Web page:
Re: Pedantically...

        A speaker is a mic. Just as a mic is a speaker.

        That is one of those things that strike me as having been seen on Doctor Who, MacGyver or whatever with no real idea of the practicalities. Seriously, you are not going to get any useable signal out of a moving coil speaker used as a mic even if the surrounding circuitry could theoretically read it. And as for getting any sound at all from a condenser mic, forget it completely.

      2. bish

        Re: Pedantically...

        Ha! Correct, but they'll first have to wire your speakers to an input, and it'll sound pretty awful. For all that effort, they might as well just bug your entire house, which of course they have.

      3. bombastic bob Silver badge
        Facepalm

        Re: Pedantically...

        "Switch off your mic and they can still listen in using your speakers."

        I think you need a refund on your engineering degree

        1. The First Dave

          Re: Pedantically...

          Not at all - a speaker and a microphone are essentially the same device, though optimised in two different directions - making a standard speaker vibrate will cause the driver coil to excite, and exciting a mic will make it vibrate.

          1. mad physicist Fiona

            Re: Pedantically...

            Not at all - a speaker and a microphone are essentially the same device, though optimised in two different directions - making a standard speaker vibrate will cause the driver coil to excite, and exciting a mic will make it vibrate.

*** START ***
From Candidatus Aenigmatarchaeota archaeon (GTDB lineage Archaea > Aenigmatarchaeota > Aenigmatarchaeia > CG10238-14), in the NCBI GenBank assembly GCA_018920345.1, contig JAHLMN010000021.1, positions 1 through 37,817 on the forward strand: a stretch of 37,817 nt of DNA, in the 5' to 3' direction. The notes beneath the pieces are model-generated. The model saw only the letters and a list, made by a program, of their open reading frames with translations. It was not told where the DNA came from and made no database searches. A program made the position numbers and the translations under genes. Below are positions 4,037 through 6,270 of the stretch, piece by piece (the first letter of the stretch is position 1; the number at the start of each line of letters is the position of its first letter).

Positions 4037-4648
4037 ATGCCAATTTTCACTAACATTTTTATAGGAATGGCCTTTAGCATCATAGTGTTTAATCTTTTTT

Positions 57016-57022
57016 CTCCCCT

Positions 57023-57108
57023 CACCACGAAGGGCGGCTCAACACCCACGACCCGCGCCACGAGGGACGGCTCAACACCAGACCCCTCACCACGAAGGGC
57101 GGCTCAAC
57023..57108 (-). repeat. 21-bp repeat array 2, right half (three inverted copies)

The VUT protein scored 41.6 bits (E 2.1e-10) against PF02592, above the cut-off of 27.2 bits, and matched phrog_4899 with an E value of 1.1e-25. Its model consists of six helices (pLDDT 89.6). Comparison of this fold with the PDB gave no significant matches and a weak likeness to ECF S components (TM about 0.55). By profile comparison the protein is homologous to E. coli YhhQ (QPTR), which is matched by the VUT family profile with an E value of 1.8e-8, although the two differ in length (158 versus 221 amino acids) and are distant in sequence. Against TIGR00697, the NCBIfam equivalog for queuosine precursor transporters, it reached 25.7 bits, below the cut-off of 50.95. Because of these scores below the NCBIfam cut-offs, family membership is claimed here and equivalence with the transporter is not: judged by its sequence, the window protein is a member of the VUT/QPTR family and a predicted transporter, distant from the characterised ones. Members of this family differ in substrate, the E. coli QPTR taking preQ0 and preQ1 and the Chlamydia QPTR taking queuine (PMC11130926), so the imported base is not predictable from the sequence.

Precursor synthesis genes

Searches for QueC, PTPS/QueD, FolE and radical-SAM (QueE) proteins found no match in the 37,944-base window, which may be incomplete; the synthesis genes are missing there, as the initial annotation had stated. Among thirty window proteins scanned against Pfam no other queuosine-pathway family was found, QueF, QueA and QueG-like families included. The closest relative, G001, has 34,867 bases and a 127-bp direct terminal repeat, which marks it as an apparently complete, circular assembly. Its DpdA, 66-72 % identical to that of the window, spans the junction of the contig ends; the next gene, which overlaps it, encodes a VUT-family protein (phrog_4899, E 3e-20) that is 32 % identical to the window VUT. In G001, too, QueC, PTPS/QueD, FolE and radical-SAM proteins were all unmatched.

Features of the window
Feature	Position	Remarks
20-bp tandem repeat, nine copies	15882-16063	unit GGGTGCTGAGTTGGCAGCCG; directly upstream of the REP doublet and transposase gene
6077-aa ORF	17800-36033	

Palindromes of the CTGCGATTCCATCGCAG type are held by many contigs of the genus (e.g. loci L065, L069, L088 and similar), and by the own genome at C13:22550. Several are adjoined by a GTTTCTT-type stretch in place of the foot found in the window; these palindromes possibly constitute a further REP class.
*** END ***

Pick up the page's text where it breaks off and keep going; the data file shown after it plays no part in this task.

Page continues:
Try explaining how that works with a CONDENSER mike.

            Yes, a moving coil speaker and a DYNAMIC microphone as theoretically interchangable, but there are practical limits. Using a mike as an earpiece can be practical in a pinch (if generally very tinny) but a speaker as a mike is generally a non-starter. Optimised mics generate signals in the 100mV or less region. A speaker in the same role may be lucky to generate 1µV - that's well into the realm of ultra sensitve amplifiers, yes, it can be done, but even then the audio is generally swamped by the effects of imperceptible air currents and temperature changes. In circuit it isn't connected to such a sensitive pre-amp: it goes to a power amp OUTPUT instead

            It's one of those things that asserting blindly is nothing more than intellectual knob waving. In practice it will not work just as the refined chap stated. Claiming otherwise simply shows ignorance.

  11. Doc Ock
    Big Brother

    We are listening for your safety and security.

  12. Khaptain Silver badge

    Person of Interest

    As much as the series if full of hyperbole, the authors were clearly up to date about what was possible even several years ago..

    Big Brother is not just watching he is Geo-positioning, Recording, Tracking, Establishing, Analyzing ( Anal being the operative word here) everything and anything wherever possible... Even though the majority of this information is just being used for eventual advertising(spam) it really doesn't require the need for owning a tin-foil hat in order to be paranoid...